We live in gardening zone 6 (6a if you want to be really anal about it). According to most seed companies and so-called gardening 'experts,' this means that we should not be able to plant anything before last frost date (generally assumed to be March 30-April 30) and we should not be able to grow anything after the first frost date (generally assumed to occur prior to October 30). Most people I know in this area agree with this, and even farmer's markets in our area typically start in late May and fizzle out by October.
However, with just a little extra effort and adjustment, crops can continue to thrive beyond those windows of time. This is a picture of my fall garden, taken yesterday (November 26):
I have two beds this size - roughly 8 feet long by 4 feet wide and 6 inches deep. Aside from the hollyhock you see in the bottom right, I planted these as seeds in late September, after my summer vegetables (tomato, eggplant, cucumber) had pretty much stopped producing. These ar…
Joseph is our next-door neighbor. He and his parents have made us feel incredibly welcome in this neighborhood ever since we moved in last summer. Joseph is about nine months younger than Lucy, so he fits in well playing with our children. One day when he was out with us somewhere, I realized he technically could be our child, age-wise. (Scary when you think about how many kids you could have if you rolled the procreation dice Duggar-style.)
Anyway, Joe's birthday was last week. So on Saturday evening his family invited ours over for pizza and cake. It's kind of interesting because they are Seventh-Day Adventists, so they observe the Sabbath from sundown on Friday until sundown on Saturday. We, belonging to the Church of Jesus Christ of Latter-day Saints, observe the Sabbath on Sunday. So we have a narrow window of party time on Saturday night! The kids had a lot of fun with Joseph. He's a great neighbor (and his parents are pretty cool too).
Ranger Truman Lucy and her cousin Landon in the tent
The children's museum has a traveling exhibit called 'Smokey Bear and Woodsy Owl' on display right now. It's an interactive set designed to teach all sorts of nature-related facts and skills. The kids really like it. It's pretty fancy for CMOE standards - more like something you'd see at a bigger city's children's museum.
And, no visit to CMOE is ever complete without a visit to the Out Loud gallery's face painting station. (I thought this look was a little scary.)
I don't actually advocate using television as a basis for curriculum, but I have found several ways that it can tie in marvelously to something we are already learning.
We only have streaming internet for TV, or local TV on a very small television. Mainly we watch things on Netflix. I've been pleasantly surprised to find content that fits with things we are studying in homeschool.
America: The Story of Us has a lot of useful content. Lucy read a short book about the Statue of Liberty a few weeks ago and wanted to know more, so we watched the episode that covered that. And more recently, we read a book about Thanksgiving, and then watched part of the first episode, "Rebels," which portrays the arrival of the Pilgrims. This show is entertaining enough to hold their (and my) attention, but also gives a lot of information, and does it in a way that is less static and abstract than what is found in most texts.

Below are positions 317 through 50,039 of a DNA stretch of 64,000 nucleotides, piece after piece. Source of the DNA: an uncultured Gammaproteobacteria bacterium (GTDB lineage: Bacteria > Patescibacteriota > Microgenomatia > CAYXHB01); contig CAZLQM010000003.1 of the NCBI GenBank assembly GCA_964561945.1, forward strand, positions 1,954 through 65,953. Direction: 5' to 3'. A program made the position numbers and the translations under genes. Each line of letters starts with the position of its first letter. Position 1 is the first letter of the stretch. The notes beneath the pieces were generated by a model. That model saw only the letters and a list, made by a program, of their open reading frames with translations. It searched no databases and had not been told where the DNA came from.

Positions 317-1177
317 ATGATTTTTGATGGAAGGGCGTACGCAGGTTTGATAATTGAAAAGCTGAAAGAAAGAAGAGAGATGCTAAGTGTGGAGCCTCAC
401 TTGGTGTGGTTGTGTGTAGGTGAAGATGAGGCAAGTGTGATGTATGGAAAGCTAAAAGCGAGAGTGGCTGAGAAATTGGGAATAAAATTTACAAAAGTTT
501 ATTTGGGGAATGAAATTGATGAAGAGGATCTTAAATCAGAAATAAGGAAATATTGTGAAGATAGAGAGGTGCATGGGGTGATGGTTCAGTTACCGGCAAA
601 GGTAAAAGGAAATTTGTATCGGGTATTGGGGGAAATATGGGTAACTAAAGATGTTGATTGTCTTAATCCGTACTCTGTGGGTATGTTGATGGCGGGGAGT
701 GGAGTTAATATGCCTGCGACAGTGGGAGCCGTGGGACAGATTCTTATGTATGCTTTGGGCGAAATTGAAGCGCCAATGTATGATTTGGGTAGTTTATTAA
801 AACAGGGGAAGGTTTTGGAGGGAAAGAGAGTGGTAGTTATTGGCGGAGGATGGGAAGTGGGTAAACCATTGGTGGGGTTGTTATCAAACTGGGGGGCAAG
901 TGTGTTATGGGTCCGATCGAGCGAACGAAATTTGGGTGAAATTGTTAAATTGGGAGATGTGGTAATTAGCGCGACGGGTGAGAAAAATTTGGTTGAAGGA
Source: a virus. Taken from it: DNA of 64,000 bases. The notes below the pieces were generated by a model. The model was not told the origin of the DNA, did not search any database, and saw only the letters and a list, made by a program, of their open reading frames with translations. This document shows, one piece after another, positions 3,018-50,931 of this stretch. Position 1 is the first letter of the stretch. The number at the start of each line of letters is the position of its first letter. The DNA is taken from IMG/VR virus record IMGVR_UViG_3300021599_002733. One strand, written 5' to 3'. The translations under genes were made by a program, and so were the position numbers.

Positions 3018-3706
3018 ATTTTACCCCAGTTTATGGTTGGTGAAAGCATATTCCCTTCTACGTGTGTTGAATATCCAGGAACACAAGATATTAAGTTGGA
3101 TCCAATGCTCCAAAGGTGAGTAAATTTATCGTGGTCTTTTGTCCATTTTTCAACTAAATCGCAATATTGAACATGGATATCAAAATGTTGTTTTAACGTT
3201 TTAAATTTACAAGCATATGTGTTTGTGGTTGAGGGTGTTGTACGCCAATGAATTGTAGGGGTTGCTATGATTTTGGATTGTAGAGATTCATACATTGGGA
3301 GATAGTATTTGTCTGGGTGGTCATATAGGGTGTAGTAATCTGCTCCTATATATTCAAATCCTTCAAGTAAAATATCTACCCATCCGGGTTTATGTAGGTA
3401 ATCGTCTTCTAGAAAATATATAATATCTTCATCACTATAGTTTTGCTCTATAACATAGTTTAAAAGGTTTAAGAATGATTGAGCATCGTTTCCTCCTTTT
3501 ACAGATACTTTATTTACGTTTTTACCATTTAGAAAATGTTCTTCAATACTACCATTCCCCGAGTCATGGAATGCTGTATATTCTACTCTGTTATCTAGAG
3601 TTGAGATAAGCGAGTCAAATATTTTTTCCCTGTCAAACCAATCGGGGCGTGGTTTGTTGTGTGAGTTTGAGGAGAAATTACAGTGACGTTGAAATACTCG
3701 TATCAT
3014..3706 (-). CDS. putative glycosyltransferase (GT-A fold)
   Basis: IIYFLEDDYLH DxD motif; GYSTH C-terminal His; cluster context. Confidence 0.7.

We've also found some science information from Netflix'…
It's not even quite 9pm on a Friday night, and I am the only one awake. Or at least, the only one up and awake. David has to wake up at 11:20 tonight and go meet up with another professor and five students, and make a 7 hour drive to attend an all day conference, then another 7 hour drive back home. So he's in bed. I am so nervous about this I could vomit. I have a lot of anxiety in general, but my biggest fear when it comes to David is that he will die in a car accident, and obviously fourteen hours on the road in the middle of the night... it's a bit terrifying.
I was reading a little bit about generalized anxiety disorder today. I used to battle with panic disorder pretty badly, especially in the first couple of years of our marriage. I'm a lot better now in that regard, but I have developed new worrying patterns. After a long time of medication and cognitive-behavioral therapy, I have gotten to a point where I can't even recall the last time I had a real panic …
What have we been up to lately? Just having gobs and gobs of fun.
On Halloween (actual day), David had to work. Apparently no one told the Indiana higher education people that Wiccans deserve props too. So I took the kids out to my mom's to trick or treat her house and run around like maniacs for awhile. Here is how she greeted us on the porch. Is it any wonder I'm such a fun mom?
We've also got loads of leaves right now. It's kind of funny to see how our neighbors deal with them. One guy rakes them into big piles, then drives his push mower up into the piles and mulches them into the grass. Another guy, retired, meticulously rakes every day (I've even caught him out there more than once a day), then puts on rake hands and scoops them up. We on the other hand take the laidback approach (would you expect anything else from us?). Rake. Run. Jump. Giggle.
And here's one just for fun. A child happily cleaning. A beautiful sight.